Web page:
The widespread use of the term “friend” across disciplines and the enduring role it plays across the life span provides some indication of its generality and utility in understanding human development. However, fundamental, theoretical, and methodological issues continue to pose challenges to our understanding of the nature and significance of friendship. At the crux of measurement issues often faced by researchers are differences in the operationalization of friendship and its closely tied constructs (e.g., peer relations, popularity, acceptance, liking). Additional methodological hurdles often arise when attempting to identify who within a social network embodies the role of a friend and how best to measure the quality of these relationships. Researchers engage in various modes of assessment, ranging from the more straightforward and commonly used methods (i.e., peer nominations, peer ratings, social centrality) to the less often seen observational coding and integration of temporal parameters. In doing so, friendship has largely been viewed from a positive lens in which findings advocate its role in promoting various aspects of child development (e.g., social, moral, academic). It is important to note that in spite of the breadth of topics examined throughout the children’s friendship literature, attempts to examine the construct through a cross-race or cross-cultural lens has been limited, and few efforts have been made to understand friendship’s ties to other intimate relationships. Furthermore, although the construct of friendship is easily understood intuitively, its multifaceted nature and inherently dyadic form poses several challenges as researchers attempt to develop interventions geared toward developing the skills necessary for fostering such relationships.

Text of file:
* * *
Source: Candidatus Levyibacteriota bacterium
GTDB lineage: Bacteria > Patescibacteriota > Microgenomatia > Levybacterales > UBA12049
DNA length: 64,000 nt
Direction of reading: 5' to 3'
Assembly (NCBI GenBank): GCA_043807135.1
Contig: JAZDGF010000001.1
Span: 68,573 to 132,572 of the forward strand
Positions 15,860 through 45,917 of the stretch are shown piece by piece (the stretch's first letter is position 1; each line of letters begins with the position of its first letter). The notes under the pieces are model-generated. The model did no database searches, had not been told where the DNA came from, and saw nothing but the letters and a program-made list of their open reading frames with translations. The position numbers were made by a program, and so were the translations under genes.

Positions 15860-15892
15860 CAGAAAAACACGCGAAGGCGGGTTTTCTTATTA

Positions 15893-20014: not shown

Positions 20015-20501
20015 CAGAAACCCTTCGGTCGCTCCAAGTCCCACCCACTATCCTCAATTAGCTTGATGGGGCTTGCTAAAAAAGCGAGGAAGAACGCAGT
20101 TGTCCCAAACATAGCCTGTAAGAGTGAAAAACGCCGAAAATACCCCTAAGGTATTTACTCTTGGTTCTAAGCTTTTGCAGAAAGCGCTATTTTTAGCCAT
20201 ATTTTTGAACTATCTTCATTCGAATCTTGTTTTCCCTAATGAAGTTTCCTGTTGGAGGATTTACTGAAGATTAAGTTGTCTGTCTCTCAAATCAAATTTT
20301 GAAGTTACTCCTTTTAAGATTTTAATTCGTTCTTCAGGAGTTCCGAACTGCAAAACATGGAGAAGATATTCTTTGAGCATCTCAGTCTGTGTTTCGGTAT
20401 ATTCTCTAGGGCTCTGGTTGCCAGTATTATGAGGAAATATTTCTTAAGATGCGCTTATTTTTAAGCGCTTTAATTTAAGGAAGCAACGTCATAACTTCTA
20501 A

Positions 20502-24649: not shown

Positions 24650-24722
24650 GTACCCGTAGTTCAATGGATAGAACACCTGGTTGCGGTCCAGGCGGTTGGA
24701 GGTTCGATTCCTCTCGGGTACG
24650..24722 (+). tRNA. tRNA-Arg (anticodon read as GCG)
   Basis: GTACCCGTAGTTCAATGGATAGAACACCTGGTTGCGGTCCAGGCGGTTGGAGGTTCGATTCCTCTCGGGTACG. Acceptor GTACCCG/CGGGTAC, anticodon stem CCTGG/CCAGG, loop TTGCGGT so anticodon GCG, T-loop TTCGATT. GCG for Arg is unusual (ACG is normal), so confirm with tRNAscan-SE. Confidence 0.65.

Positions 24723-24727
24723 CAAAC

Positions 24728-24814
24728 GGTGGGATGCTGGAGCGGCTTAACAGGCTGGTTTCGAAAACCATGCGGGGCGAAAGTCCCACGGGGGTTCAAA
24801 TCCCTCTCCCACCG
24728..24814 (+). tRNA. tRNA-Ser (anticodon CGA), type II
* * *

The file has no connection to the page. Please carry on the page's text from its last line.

Although interest in friendship relations can be traced back to the theoretical speculations of classical philosophers, the scientific investigation of the construct only emerged during the last century, and even then it drew in minimal and often sporadic research interest between the 1920s and the 1970s. Within the last few decades, however, the study of children’s friendship has established firmer roots empirically, and previously ignored theoretical postulations have begun receiving due attention. For example, in his seminal work on relationships throughout the lifespan, The Interpersonal Theory of Psychiatry (Sullivan 1953), Harry Stack Sullivan recognized friendship as the context in which mutual respect, cooperation, and interpersonal sensitivity may develop. Accentuating the sometimes overlooked differences between “peer relations” and “friendship,” Sullivan referred to the latter as “chumships,” and described the need for friends as the means to clarify and confirm perceptions. Narrowing in on what the authors refer to as Sullivan’s “sweeping definitions of friendship,” Newcomb and Bagwell 1995 integrates almost one hundred years of empirical work in order to provide a comprehensive, quantitative investigation of the friendship literature while employing broad- and narrowband categories to organize findings. Also drawing from Sullivan’s work, Berndt 2004 further expands on friendship’s definitional properties while stressing the importance of examining the nature of friendships and specifying the characteristics that ultimately determine its impact. Looking beyond what friendship is, Ladd 2005 shifts focus away from studies examining existing peer relationships in an effort to concentrate on the antecedents of friendship development, the active role children play in forming these relationships, and the distinct factors associated with gaining acceptance into peer groups. Also exploring the difference between friendship and peer acceptance, Erdley, et al. 2001 teases apart the unique influence of established friendships and peer acceptance on aspects of well-being and adjustment. Similarly, Bagwell and Schmidt 2011 acknowledges the positive impact of friendship on social, emotional, and cognitive development, while also shedding light on how the experience of friendship varies among individuals, revealing the determinants and correlates of friendship quality and identifying factors that should be taken into consideration when moving toward successful implementation of friendship interventions. Finally, Schneider 2016 presents a comprehensive account of the research and practice to date in children’s peer relations; however, in applying a contemporary lens, the author is also able to tap into less chartered territory such as the role of electronic communication in peer relationships and intercultural friendship in multicultural societies.